May 19, 2024

Contrary to Early Reports Verizon’s AppFlash Isn’t Actually Spyware


Bloodthirsty internet service providers wasted no time rolling out invasive spyware in the wake of internet privacy deregulation — or so it seemed for a few hours.

Earlier today, the Electronic Frontier Foundation — a digital advocacy organization — released a statement claiming that Verizon was rolling out a launcher feature called AppFlash that was little more than thinly veiled spyware. AppFlash, as TechCrunch points out, will live on the Android home screen and seeks to help users find content and services across different applications. But the EFF press release didn’t paint AppFlash as useful software. Instead, the organization alleged that it may be used to “collect intimate details” and illustrates Verizon’s “intent to gather location and contact information.”

“In other words, our prediction that mobile internet providers would start installing spyware on their customers’ phones has come true, less than 48 hours after Congress sold out your personal data to companies like Comcast and AT&T,” the EFF statement reads. “With the announcement of AppFlash, Verizon has made clear that it intends to start monetizing its customers’ private data as soon as possible.”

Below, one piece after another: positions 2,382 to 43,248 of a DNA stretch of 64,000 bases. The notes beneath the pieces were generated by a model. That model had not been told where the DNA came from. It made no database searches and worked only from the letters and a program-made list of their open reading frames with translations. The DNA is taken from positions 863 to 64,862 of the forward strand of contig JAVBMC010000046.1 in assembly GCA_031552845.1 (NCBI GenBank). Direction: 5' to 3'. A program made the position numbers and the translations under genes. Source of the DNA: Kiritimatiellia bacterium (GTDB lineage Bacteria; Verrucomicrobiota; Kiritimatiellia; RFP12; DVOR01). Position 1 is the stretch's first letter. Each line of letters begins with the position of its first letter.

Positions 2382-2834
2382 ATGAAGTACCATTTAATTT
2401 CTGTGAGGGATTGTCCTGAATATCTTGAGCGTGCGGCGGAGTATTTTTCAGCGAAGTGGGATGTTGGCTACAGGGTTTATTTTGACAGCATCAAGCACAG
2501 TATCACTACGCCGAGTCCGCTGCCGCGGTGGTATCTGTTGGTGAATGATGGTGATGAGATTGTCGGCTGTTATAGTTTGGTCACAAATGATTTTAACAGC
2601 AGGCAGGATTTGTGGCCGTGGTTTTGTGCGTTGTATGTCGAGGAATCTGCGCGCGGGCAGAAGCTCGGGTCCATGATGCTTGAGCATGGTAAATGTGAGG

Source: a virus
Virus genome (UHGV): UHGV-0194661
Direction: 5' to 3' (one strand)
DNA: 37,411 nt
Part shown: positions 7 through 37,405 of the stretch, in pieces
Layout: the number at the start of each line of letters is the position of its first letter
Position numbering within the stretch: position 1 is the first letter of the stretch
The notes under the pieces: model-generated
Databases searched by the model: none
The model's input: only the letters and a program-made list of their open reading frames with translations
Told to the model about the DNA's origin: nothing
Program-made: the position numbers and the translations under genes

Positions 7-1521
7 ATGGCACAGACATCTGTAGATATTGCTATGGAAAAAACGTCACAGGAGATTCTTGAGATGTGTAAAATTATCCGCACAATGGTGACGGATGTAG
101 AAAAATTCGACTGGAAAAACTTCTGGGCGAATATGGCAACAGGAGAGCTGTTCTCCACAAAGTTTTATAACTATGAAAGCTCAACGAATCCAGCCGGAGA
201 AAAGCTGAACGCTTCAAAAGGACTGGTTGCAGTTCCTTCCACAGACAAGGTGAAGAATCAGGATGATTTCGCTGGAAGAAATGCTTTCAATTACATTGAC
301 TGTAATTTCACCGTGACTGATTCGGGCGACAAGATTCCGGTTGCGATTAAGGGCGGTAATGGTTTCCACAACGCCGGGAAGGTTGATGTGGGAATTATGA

But is that really the case? Take a look at the EFF statement now, and it becomes clear that it might not be. After receiving “additional information” from Verizon, the Foundation decided to redact the post and its accusations while they “investigate further.” Apparently, the AppFlash test is only going to be conducted on a single smartphone — the LG K20 V — and requires an explicit opt-in to use, Verizon said in a statement to Engadget. As the service provider points out: “Nobody is required to use it.”

Additionally, Verizon posted a statement on its website briefly explaining some of its privacy policies in the wake of FCC privacy law rollbacks. “We have two programs that use web browsing data — and neither of these programs involves selling customers’ personal web browsing history,” Verizon’s Karen Zacharia said.

Of course, this doesn’t mean that online privacy deregulation isn’t a valid concern, you should probably still take ISP statements with a grain of salt. As it’s arguably more important than ever to be mindful about your digital footprint, we still recommend vigilance in keeping yourself and your data secure and away from prying eyes.

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